The City College of San Francisco developed the program upon which the HCC course is based, and trained Albano and Reed.
In addition to vocabulary, much of the class during the early weeks centered on role-play scenarios such as the one with the newborn and her heart problem.
About half the students of the inaugural class come from Latin America — Nicaragua, Puerto Rico, El Salvador, Peru — and speak Spanish as their first language. Hyon Lee, the only man in the class, is Korean but speaks Spanish, too. The class also has two Arabic speakers.
When the instructors can’t find “language partners” for the students who are the only native speakers of a particular language in the class — Farsi and Japanese in this initial group — they stand in themselves.
“This approach is not ideal because it doesn’t really allow us to verify the correctness of their interpretation into the target language,” Reed says.”However, it does allow us to check some things like memory skills, interpreting skills, etc.”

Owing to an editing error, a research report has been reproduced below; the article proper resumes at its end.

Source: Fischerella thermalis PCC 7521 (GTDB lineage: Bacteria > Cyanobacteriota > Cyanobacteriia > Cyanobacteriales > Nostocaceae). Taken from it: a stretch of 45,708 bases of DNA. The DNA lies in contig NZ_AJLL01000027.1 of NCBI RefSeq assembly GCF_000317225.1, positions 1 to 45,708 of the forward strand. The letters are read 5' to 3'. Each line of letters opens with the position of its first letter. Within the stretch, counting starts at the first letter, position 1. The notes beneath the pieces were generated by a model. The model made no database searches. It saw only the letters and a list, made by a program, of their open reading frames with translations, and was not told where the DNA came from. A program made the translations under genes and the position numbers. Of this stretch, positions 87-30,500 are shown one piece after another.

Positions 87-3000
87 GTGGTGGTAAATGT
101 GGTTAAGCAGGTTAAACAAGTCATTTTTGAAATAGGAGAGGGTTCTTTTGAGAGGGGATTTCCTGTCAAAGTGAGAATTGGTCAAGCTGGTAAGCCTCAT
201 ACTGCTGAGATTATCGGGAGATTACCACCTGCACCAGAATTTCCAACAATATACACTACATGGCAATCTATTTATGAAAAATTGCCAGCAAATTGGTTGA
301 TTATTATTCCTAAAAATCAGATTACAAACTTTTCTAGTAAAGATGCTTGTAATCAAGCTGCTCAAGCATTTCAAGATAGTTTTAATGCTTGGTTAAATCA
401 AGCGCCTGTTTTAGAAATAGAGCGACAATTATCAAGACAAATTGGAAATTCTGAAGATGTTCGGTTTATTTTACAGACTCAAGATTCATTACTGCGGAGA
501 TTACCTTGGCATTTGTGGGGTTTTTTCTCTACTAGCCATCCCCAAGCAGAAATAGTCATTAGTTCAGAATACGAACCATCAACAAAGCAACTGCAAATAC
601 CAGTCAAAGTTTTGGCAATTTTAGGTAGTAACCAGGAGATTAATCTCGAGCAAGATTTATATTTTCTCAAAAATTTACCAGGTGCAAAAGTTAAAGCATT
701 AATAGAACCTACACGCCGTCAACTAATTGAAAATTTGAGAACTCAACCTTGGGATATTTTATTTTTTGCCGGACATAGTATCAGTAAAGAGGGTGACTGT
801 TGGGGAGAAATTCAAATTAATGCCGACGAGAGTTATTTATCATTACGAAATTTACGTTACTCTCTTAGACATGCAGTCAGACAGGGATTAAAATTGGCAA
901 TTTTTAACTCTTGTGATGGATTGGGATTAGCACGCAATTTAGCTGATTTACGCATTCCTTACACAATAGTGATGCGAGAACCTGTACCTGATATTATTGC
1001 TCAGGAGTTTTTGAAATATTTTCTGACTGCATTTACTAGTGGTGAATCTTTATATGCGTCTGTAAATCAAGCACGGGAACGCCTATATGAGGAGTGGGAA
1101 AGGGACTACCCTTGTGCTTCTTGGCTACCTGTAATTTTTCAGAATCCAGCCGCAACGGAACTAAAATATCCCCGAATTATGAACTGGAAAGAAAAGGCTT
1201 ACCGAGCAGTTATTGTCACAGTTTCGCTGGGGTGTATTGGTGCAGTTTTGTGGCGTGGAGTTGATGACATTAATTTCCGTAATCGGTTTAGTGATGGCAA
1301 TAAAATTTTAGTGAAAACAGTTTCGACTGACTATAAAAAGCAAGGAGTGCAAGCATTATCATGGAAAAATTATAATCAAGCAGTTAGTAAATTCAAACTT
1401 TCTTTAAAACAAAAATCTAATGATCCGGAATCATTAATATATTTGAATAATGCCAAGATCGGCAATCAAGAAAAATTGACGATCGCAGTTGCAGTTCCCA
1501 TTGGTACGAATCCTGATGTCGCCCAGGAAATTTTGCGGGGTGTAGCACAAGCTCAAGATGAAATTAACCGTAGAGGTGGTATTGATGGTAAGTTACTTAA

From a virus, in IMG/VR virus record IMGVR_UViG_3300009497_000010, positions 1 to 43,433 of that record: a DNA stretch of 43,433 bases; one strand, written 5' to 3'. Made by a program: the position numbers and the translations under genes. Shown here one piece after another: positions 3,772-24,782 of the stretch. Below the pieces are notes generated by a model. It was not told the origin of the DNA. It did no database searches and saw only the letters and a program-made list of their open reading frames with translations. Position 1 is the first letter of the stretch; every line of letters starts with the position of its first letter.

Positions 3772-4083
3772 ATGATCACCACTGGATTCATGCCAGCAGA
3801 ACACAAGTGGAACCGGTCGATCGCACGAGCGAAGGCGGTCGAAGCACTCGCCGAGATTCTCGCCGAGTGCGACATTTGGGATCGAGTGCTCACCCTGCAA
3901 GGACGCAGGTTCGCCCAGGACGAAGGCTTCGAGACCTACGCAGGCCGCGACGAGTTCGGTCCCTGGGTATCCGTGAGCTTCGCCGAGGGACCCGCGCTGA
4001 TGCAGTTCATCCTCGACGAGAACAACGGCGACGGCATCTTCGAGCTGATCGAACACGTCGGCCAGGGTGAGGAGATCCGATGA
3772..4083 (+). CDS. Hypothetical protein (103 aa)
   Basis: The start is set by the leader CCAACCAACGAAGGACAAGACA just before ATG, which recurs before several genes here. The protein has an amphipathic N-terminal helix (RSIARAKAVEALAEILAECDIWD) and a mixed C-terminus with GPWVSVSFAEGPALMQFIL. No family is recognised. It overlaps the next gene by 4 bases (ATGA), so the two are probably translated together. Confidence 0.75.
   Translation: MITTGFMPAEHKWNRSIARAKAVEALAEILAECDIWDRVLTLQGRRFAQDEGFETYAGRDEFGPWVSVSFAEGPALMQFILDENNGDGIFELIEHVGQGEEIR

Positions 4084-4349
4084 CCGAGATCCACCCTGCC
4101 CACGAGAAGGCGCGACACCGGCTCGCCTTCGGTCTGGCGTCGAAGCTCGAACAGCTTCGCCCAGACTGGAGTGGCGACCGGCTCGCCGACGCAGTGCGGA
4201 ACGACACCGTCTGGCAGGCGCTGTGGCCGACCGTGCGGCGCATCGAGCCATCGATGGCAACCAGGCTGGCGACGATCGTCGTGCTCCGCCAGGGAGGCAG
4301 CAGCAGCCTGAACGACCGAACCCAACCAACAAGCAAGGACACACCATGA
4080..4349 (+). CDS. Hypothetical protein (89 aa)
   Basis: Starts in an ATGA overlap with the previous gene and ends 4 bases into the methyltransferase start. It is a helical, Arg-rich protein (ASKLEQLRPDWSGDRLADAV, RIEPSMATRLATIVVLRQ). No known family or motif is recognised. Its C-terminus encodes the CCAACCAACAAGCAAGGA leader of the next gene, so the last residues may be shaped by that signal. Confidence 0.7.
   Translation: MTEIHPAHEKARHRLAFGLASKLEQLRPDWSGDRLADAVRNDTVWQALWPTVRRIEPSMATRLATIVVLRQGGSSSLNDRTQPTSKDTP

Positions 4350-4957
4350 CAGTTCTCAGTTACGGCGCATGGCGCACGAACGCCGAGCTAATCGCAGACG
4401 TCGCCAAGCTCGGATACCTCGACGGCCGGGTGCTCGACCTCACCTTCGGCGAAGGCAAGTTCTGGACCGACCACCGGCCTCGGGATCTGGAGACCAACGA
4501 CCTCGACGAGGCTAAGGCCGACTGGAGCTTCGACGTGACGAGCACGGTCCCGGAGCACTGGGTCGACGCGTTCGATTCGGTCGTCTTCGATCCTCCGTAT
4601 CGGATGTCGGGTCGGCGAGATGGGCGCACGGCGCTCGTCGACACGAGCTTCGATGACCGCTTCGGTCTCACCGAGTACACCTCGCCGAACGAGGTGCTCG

After the first of the year, students will begin their field practice, interpreting in real-life situations in the Columbia clinic of Chase Brexton Health Services and at county-sponsored health fairs.
In the debriefing following the heart-defect scenario, Reed addresses Sewilam’s impulse to argue with the new mother in favor of the surgical procedure.
“If you take sides, you look unprofessional,” and thus endanger credibility and effectiveness, Reed offers. “But does the well-being of the patient override that concern?”
Sewilam’s classmates say that the interpreter should convey the mother’s concerns, then step aside and let the doctor do the arguing.
An interpreter should strive to convey the intended message — a task that idiom and cultural differences complicate — without editorializing, “even if you think the patient is an idiot,” Reed says.
“Ethical dilemmas don’t have a perfect solution,” Reed says, but the course gives students the tools to tackle them quickly and effectively.